Motu Kaikoura Rat Eradication Programme
by Jo Ritchie



The removal of rats has commenced. Two aerial bait drops using brodifacoum pellets (known as Pestoff 20R) were undertaken during periods of calm, fine weather in August and September. A number of people attended the drops as observers and included Maurice Ngatai, Richard Somerville-Ryan and D.o.C staff from Northland.

I would like to acknowledge Ngati Rehua’s support of the extension of the aerial baiting programme onto Opakau, Moturako, Sugar Loaf and the Grey Islands; and to the King family for allowing the same to occur on Nelson and Motuhaku Islands. I would also like to thank the Port FitzRoy mussel farmers for their support and a number of landowners on Great Barrier on whose lands the Motu Kaikoura Trust has installed bait stations, traps and tracking tunnels to prevent rats from reinvading Kaikoura.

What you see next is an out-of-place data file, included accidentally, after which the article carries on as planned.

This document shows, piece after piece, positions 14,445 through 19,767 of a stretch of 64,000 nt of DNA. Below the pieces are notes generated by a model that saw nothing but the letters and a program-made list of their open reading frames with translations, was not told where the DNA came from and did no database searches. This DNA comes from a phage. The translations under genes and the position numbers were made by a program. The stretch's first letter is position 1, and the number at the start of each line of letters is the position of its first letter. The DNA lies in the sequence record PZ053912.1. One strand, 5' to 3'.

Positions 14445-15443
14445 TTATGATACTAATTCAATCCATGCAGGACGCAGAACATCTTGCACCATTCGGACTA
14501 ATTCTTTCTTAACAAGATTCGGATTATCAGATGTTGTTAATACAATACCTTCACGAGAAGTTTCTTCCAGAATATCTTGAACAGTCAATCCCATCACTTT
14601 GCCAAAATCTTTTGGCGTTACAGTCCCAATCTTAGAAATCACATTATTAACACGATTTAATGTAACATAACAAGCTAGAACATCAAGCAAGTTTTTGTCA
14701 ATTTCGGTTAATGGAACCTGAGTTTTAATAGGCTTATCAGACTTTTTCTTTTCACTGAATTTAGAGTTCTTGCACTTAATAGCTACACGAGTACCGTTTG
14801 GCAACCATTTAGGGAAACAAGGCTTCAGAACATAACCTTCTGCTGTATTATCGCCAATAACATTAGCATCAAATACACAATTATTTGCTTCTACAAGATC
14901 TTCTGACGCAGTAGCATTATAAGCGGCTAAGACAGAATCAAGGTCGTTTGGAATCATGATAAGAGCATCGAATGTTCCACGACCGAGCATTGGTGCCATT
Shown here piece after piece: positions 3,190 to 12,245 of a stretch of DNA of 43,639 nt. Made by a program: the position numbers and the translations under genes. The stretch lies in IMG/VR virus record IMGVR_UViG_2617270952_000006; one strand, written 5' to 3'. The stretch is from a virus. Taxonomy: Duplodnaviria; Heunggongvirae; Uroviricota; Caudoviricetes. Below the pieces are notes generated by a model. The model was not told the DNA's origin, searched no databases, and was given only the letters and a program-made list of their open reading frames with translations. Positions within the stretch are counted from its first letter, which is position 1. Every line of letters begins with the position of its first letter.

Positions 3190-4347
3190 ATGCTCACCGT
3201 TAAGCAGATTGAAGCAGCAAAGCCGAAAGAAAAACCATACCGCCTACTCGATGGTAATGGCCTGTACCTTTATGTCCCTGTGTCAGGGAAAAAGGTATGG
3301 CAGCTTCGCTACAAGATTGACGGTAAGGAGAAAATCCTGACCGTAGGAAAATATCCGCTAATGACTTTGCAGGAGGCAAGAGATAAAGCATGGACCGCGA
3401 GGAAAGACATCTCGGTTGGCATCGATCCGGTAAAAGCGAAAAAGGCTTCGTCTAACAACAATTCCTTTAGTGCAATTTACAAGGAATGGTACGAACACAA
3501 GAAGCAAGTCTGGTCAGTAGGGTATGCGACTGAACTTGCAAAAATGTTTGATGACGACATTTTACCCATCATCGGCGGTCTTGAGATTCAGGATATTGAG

Will Scarlett is now completing the installation of a detection and response system using bait stations, traps and tracking tunnels on Kaikoura so we have a reliable method of detecting any reinvaders and catching them quickly. Will’s knowledge of the local area is an invaluable tool.

The Motu Kaikoura Trust is in the process of installing signs at key locations on Kaikoura to let people know the island is soon to be pest free and how they can help keep it that way.

Motu Kaikoura and its surrounding islands are wonderful scenic spots as well as homes for many native species, the range and numbers of which will only increase in the absence of pests. Please help these places recover by:
• Checking your boat (including your dinghy) prior to departure—look for signs of rodents: small black droppings, eaten food, dead bodies(!). We’d appreciate if you could install a trap and maintain it.
• Not tying up or mooring at the Kaikoura wharf. By all means drop people off but then anchor a safe distance away and row ashore.
• Not running shore lines onto Kaikoura or any of the surrounding islands. One of the main ways rats get ashore is off boats and down mooring or shore lines.
• Leaving your pets at home or on the boat. Species such as sea and shore birds, brown teal and banded rail are very tempting morsels for dogs in particular.
• Taking care what you do when you are ashore. Please don’t light fires or camp on these islands and have a pack it in pack it out rubbish policy.
• Come ashore and enjoy Kaikoura but respect that the smaller islands that surround it are private property.